Your Woman on the Scene

It’s About the Power

A few years ago a friend of mine, I’ll call her Janet, came over to my house and after several glasses of wine she told me that in the 1970s Bill Cosby had raped her. Here’s the story in her own words:

Along with others in the news right now, I was drug-raped by Bill Cosby. This was in the early 70s when he was doing stand-up comedy in Lake Tahoe at a casino. A girlfriend and I were on vacation there, standing at a blackjack table when Cosby came up and invited us to be his guest at his show. We left our small children at a babysitter, never dreaming we wouldn’t make it back for them that night. And I might add that Cosby knew we had left our children with a sitter. What a guy!!!

My girlfriend Gloria and I had front-row seats at the show, and he invited us to come backstage afterward. Then he said there was a private party nearby and (being stupid) we went. But we felt safe, we were honored to be in his company. He made drinks for us and soon my friend was falling asleep and I was flying high!

The rest was a blur but I know what happened. At one point I remember going outside naked in the snow and I couldn’t even feel it. The snow was not cold! What kind of drug was that?

I wanted to call the police when we woke up in the morning, but my friend said no, just forget about it. Instead we called a cab.

How to face my son, now, who felt abandoned at the babysitter? He was so young that I couldn’t tell him I’d been raped. In fact, I never told anyone about the incident for 20 years. Rather I went into therapy for five years to deal with my depression and post-traumatic stress disorder.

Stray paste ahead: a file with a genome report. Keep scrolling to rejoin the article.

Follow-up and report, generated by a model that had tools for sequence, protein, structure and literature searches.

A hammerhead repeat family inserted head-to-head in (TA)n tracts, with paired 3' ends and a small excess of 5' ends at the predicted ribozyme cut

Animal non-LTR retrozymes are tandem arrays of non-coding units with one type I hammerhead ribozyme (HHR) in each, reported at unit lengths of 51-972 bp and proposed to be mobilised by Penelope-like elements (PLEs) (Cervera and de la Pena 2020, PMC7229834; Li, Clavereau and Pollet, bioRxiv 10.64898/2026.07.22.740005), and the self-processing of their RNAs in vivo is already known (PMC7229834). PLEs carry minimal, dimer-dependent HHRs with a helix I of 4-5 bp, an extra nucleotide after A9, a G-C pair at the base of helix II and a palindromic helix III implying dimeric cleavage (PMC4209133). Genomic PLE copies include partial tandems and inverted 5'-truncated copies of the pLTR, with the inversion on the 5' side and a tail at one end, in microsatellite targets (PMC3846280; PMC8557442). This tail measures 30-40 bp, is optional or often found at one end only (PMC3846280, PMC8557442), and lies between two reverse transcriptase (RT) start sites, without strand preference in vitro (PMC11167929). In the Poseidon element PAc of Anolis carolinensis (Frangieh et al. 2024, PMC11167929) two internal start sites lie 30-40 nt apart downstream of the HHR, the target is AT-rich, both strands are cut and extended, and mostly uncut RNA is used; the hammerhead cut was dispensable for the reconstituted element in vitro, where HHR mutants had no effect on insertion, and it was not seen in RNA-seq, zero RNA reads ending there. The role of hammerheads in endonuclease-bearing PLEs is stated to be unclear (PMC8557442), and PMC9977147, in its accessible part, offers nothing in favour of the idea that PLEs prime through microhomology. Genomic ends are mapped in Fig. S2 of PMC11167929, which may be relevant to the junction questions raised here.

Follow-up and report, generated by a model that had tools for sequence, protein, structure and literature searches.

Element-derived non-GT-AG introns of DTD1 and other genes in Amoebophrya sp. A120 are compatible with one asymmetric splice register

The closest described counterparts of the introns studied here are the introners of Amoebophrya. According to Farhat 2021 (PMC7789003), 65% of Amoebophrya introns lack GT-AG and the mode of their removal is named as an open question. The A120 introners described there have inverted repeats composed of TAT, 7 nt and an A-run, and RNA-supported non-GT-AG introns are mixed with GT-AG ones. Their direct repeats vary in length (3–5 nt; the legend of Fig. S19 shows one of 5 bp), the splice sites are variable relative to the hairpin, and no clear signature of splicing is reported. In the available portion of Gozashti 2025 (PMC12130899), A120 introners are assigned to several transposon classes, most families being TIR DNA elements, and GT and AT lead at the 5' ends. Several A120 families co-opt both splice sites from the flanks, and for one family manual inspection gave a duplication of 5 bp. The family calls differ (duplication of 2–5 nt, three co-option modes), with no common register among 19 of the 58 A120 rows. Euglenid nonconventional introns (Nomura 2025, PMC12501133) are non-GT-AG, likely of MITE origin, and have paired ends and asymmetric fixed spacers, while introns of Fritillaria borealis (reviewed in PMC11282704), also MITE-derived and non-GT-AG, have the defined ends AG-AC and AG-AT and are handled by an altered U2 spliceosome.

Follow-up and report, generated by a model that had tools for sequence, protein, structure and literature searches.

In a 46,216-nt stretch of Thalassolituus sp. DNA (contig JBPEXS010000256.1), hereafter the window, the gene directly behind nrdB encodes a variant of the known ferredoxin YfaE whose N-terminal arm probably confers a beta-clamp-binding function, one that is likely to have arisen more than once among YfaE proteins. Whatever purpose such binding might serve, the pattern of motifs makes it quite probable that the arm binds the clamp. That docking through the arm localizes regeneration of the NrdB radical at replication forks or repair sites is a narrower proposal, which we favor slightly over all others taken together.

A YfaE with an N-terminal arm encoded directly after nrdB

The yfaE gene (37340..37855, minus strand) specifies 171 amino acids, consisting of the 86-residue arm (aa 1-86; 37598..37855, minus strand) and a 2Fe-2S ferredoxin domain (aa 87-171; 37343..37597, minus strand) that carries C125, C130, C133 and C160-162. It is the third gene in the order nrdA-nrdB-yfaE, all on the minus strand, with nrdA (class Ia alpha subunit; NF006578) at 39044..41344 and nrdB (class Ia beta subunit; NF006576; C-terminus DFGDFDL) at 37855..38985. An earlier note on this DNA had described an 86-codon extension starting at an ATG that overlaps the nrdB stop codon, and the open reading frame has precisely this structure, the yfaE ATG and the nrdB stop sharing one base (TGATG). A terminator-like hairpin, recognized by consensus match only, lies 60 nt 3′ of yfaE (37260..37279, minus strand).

My son remembers well the trauma of his mommy not coming back. I told him about ten years ago what had happened as he seemed never to get over having been left. He had this to say about that night: “I remember Gloria telling us that Bill Cosby had chosen you two to be his special guests for the evening. I still didn’t understand why you would leave us there at the sitters’ way beyond their allowable hours…no overnight kids. We wondered why Bill Cosby didn’t send a car for us.”

I realize I am not a celebrity but want to speak out anyway, as I often wonder how many other victims there are like myself.


I remember being so stunned by my friend’s secret disclosure that I scarcely knew what to say. The next morning I questioned if that whole conversation had really happened.

It was clear that Janet wasn’t lying, and I’m guessing part of her decision to tell me grew from the fact that she knew I was writing about women’s issues. And yet the incident she described seemed so surreal that it was difficult to process—a reaction I’m sure she felt in spades for decades to come.

And I’m convinced this is the reason so many women have never come forward: if you pretend like it didn’t happen, maybe it will go away and leave you to return to your normal life. But for Cosby’s victims—26 have accused him of raping and/or sexually assaulting them to date—feelings of shame and paranoia were now their new normal.

Then there is the fear of being called a liar publicly, as Cosby’s hired mouthpiece, his lawyer Martin Singer does on a daily basis. (How’d you like to have his job?) This was especially true in the 1970s, an era when women had far fewer rights in the United States than they do today…and Bill Cosby was one of the richest and most popular entertainers in America.

Which brings me to the biggest question of all: why would a man who was a handsome millionaire Emmy-winning TV star drug women for sex? He could have probably taken his pick of partners, and paid for a harem full of prostitutes. There is only one explanation: it’s about the power. A drugged woman is completely in his control and this is clearly an obsession of his.

Ironically during the same time that Cosby drugged and raped my friend, he released his Grammy-winning album: Bill Cosby Talks to Kids About Drugs. Well, he warned them, didn’t he?


If you’d like to learn more about Bill Cosby’s history of rape, see this timeline.